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Rose of Sharon has high growth potential
One of the plant groups I love to grow in my home landscape is the hibiscus. To that end, I’m going to dedicate the next several columns to different options of these beautiful flowering shrubs that are available for the home gardener.
This week’s hibiscus is an old favorite and has been a mainstay in Southern landscapes for a very long time. Contrary to its name, the rose of Sharon is not a rose at all, but a hibiscus known botanically as Hibiscus syriacus.
The obvious reason why home gardeners love this plant is all about the flowers. Rose of Sharon is deciduous, so in the spring the plants start to push new growth, followed by the flowers.
These blooms are eye-catching. Each flower has five petals, and the blooms are 3 or more inches in diameter. A main feature is the prominent column of stamens and pistils. Colors range in shades of pink, red, rose, white and violet. Many have an attractive, contrasting, dark-red eye. After the initial flush, these plants bloom intermittently through the summer into the fall.
Rose of Sharon, especially the older selections, can be large shrubs or small trees -- wide and tall. Because they’re generally purchased as small plants in small containers by unsuspecting gardeners who expect them to remain that size, it’s not uncommon to see these plants overgrown and covering windows, doors and/or other landscape plants.
These plants are tolerant of rather severe pruning and can be kept at an appropriate size when planted in the wrong spot. But that’s really the wrong mentality to have; just look at the upsurge of crape myrtlation each year.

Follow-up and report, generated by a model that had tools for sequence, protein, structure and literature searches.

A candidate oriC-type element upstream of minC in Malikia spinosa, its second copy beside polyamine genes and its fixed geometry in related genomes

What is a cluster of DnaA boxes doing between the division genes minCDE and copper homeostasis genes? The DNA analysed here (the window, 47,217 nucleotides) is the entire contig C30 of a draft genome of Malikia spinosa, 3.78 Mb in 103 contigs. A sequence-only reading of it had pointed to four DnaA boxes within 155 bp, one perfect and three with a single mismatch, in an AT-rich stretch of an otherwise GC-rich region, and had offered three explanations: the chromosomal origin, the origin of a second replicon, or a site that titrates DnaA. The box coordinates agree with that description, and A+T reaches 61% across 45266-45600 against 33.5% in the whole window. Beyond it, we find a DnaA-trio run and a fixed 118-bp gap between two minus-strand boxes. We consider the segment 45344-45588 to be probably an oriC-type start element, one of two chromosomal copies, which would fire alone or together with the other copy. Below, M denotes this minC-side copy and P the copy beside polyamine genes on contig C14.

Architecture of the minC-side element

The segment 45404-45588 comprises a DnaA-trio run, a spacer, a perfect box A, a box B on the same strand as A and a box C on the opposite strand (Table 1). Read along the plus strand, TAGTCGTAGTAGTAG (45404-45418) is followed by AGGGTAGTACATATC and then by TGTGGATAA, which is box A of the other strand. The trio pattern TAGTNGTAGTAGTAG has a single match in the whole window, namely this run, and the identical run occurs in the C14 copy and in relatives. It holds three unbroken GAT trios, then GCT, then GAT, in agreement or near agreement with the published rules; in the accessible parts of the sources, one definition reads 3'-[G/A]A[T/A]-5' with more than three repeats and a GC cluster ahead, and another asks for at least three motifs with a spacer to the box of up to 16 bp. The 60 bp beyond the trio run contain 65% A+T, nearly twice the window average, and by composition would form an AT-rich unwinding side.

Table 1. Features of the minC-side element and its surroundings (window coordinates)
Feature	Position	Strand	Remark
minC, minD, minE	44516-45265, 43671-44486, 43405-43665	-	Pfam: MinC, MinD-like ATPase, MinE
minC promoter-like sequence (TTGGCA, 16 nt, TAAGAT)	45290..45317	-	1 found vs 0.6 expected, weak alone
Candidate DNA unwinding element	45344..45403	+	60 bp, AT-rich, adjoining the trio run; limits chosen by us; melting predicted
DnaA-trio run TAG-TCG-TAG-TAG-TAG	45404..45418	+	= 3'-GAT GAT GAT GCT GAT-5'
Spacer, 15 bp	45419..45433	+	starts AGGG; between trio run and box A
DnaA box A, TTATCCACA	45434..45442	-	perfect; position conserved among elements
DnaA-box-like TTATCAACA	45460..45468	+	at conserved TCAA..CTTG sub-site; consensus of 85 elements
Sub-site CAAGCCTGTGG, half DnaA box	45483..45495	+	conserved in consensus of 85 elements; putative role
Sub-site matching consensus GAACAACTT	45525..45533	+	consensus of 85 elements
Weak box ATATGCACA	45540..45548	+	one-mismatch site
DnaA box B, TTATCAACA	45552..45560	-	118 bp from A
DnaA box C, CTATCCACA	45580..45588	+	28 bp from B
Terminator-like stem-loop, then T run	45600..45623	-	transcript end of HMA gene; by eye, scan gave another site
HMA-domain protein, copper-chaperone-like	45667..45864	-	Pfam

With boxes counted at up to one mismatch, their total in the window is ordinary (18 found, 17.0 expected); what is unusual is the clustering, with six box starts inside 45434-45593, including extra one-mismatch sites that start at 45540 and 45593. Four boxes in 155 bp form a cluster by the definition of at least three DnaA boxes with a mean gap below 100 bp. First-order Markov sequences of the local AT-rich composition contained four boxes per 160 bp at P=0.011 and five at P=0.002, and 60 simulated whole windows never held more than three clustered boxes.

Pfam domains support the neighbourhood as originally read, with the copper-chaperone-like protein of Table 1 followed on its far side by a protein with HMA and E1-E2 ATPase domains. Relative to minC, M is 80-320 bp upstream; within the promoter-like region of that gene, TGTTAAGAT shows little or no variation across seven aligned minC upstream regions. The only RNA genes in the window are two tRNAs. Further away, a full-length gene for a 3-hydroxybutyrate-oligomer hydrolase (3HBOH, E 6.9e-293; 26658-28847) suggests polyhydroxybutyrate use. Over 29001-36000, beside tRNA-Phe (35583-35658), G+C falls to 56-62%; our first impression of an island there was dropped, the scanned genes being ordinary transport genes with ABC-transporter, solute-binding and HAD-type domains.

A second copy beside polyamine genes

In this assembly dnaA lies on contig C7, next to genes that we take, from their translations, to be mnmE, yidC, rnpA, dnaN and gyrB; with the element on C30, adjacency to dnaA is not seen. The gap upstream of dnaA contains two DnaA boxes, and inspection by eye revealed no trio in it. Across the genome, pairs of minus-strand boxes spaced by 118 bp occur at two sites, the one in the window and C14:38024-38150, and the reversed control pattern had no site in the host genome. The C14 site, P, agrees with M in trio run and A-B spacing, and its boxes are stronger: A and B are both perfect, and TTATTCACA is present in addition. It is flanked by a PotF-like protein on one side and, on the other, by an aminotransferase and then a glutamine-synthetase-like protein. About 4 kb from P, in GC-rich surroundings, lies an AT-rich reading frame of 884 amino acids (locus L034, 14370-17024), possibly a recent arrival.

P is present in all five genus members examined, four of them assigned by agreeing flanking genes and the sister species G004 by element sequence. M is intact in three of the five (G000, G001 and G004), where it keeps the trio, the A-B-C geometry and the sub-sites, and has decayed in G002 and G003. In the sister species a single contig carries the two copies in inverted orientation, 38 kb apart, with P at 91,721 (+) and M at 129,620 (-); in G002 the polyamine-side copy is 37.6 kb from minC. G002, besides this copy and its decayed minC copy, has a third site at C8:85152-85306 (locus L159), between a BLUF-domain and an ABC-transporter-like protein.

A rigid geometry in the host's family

So, considering this growth potential, it’s a good thing that plant breeders are working on selecting plants with other, more desirable growth characteristics.
Over the past several years, I’ve had the chance to grow some of the newer selections. One that I’m really impressed with is named Orchid Satin. This selection is the first to bloom in my landscape and has large, beautiful single orchid-pink blooms with dramatic red eye accents. This plant has a graceful, almost arching branching habit that is absolutely loaded with flowers this spring. Orchid Satin could reach up to 10 feet tall and 6 feet wide. I’m planning on letting it do its thing.
I’ve wanted to place nice flowering shrubs on either side of my front door, but choices have been limited because the space is narrow -- until now. I have two great rose of Sharon selections in place, Purple Pillar and White Pillar. These plants will grow up to 10 feet tall, but only 3 feet wide. The branching habit is tight and covered with bright, semidouble purple and white flowers.
I’ve been growing dwarfish flowering shrubs and have a fantastic rose of Sharon selection called Pollypetite, which grows only 3 to 4 feet tall and wide.
Remember: The term dwarf is always about perspective. This plant has large, lavender-pink flowers contrasted by dark-green foliage.
Next week, we’ll continue this series and take a look at the colorful Cajun hibiscus.